7.7 Input and Output Functions

Functions that perform input from a stdio stream, and functions that output to a stdio stream, of mpf numbers. Passing a NULL pointer for a stream argument to any of these functions will make them read from stdin and write to stdout, respectively.

When using any of these functions, it is a good idea to include stdio.h before gmp.h, since that will allow gmp.h to define prototypes for these functions.

See also Formatted Output and Formatted Input.

Function: size_t mpf_out_str (FILE *stream, int base, size_t n_digits, const mpf_t op)

Print op to stream, as a string of digits. Return the number of bytes written, or if an error occurred, return 0.

The mantissa is prefixed with an ‘0.’ and is in the given base, which may vary from 2 to 62 or from −2 to −36. An exponent is then printed, separated by an ‘e’, or if the base is greater than 10 then by an ‘@’. The exponent is always in decimal. The decimal point follows the current locale, on systems providing localeconv.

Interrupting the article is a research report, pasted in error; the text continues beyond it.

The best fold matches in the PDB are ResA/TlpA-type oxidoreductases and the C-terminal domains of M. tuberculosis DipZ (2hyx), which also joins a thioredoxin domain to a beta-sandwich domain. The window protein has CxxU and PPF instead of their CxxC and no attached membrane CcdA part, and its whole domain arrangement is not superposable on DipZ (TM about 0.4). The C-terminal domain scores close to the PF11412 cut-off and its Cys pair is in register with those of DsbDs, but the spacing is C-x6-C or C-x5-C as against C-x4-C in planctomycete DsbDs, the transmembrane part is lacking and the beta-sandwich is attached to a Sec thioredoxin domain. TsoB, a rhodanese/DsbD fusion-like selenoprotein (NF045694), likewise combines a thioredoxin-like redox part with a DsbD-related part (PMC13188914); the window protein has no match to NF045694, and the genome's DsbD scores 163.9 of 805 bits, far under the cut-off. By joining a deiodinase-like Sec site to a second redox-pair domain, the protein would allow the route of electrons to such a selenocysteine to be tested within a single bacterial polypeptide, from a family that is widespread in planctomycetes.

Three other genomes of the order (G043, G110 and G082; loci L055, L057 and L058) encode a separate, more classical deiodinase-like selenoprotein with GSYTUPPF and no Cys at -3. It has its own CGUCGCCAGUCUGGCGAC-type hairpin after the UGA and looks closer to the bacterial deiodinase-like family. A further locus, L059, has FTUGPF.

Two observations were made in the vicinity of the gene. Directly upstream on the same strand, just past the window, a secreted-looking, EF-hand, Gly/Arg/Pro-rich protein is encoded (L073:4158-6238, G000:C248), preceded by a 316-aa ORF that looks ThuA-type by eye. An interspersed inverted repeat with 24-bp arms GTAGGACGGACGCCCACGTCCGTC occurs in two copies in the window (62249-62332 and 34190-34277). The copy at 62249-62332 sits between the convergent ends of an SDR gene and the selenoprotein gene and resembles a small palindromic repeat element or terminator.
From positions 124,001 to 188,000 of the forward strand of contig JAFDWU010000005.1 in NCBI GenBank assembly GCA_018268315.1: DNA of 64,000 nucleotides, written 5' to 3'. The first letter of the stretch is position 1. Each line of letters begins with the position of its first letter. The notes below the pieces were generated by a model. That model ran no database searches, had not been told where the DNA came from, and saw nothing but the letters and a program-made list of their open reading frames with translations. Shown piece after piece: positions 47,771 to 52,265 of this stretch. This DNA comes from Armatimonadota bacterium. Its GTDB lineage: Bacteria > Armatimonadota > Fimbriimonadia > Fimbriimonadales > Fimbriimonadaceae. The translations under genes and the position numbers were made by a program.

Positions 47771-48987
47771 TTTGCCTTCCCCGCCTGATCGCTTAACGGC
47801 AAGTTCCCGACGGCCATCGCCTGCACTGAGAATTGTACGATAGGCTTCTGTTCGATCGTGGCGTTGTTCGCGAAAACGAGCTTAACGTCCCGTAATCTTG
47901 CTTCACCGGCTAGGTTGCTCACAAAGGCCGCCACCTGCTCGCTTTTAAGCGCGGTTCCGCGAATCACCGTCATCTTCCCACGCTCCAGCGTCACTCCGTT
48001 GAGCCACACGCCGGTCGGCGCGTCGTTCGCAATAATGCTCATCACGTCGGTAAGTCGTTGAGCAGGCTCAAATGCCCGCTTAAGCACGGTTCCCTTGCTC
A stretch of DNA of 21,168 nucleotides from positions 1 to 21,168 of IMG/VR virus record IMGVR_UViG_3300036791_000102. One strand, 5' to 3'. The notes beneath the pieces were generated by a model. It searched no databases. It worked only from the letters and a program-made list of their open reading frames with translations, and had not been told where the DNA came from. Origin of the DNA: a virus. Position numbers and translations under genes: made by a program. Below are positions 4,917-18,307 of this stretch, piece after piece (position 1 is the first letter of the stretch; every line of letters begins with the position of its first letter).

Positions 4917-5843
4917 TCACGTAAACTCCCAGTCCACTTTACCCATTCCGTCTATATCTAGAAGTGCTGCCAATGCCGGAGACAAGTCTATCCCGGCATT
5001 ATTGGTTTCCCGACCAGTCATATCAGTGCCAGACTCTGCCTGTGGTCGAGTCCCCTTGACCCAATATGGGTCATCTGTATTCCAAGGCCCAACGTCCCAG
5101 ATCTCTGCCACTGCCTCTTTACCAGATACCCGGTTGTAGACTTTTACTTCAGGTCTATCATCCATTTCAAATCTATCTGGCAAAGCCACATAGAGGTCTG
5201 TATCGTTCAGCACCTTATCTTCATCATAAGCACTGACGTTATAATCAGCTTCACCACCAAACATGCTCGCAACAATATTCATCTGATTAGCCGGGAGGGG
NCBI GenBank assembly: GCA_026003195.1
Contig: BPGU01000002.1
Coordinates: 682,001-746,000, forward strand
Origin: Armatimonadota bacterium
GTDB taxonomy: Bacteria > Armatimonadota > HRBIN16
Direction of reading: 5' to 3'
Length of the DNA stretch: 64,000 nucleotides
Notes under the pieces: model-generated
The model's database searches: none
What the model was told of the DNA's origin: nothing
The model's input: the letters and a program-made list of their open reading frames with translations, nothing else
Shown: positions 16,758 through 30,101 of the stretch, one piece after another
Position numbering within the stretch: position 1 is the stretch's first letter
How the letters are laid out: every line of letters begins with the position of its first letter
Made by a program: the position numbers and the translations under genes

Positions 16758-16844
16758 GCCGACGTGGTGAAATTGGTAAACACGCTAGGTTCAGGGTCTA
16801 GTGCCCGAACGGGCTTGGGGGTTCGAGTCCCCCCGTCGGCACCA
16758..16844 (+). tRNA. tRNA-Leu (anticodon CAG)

For base in the range 2..36, digits and lower-case letters are used; for −2..−36, digits and upper-case letters are used; for 37..62, digits, upper-case letters, and lower-case letters (in that significance order) are used.

Up to n_digits will be printed from the mantissa, except that no more digits than are accurately representable by op will be printed. n_digits can be 0 to select that accurate maximum.

Function: size_t mpf_inp_str (mpf_t rop, FILE *stream, int base)

Read a string in base base from stream, and put the read float in rop. The string is of the form ‘M@N’ or, if the base is 10 or less, alternatively ‘MeN’. ‘M’ is the mantissa and ‘N’ is the exponent. The mantissa is always in the specified base. The exponent is either in the specified base or, if base is negative, in decimal. The decimal point expected is taken from the current locale, on systems providing localeconv.

The argument base may be in the ranges 2 to 36, or −36 to −2. Negative values are used to specify that the exponent is in decimal.

Unlike the corresponding mpz function, the base will not be determined from the leading characters of the string if base is 0. This is so that numbers like ‘0.23’ are not interpreted as octal.

Return the number of bytes read, or if an error occurred, return 0.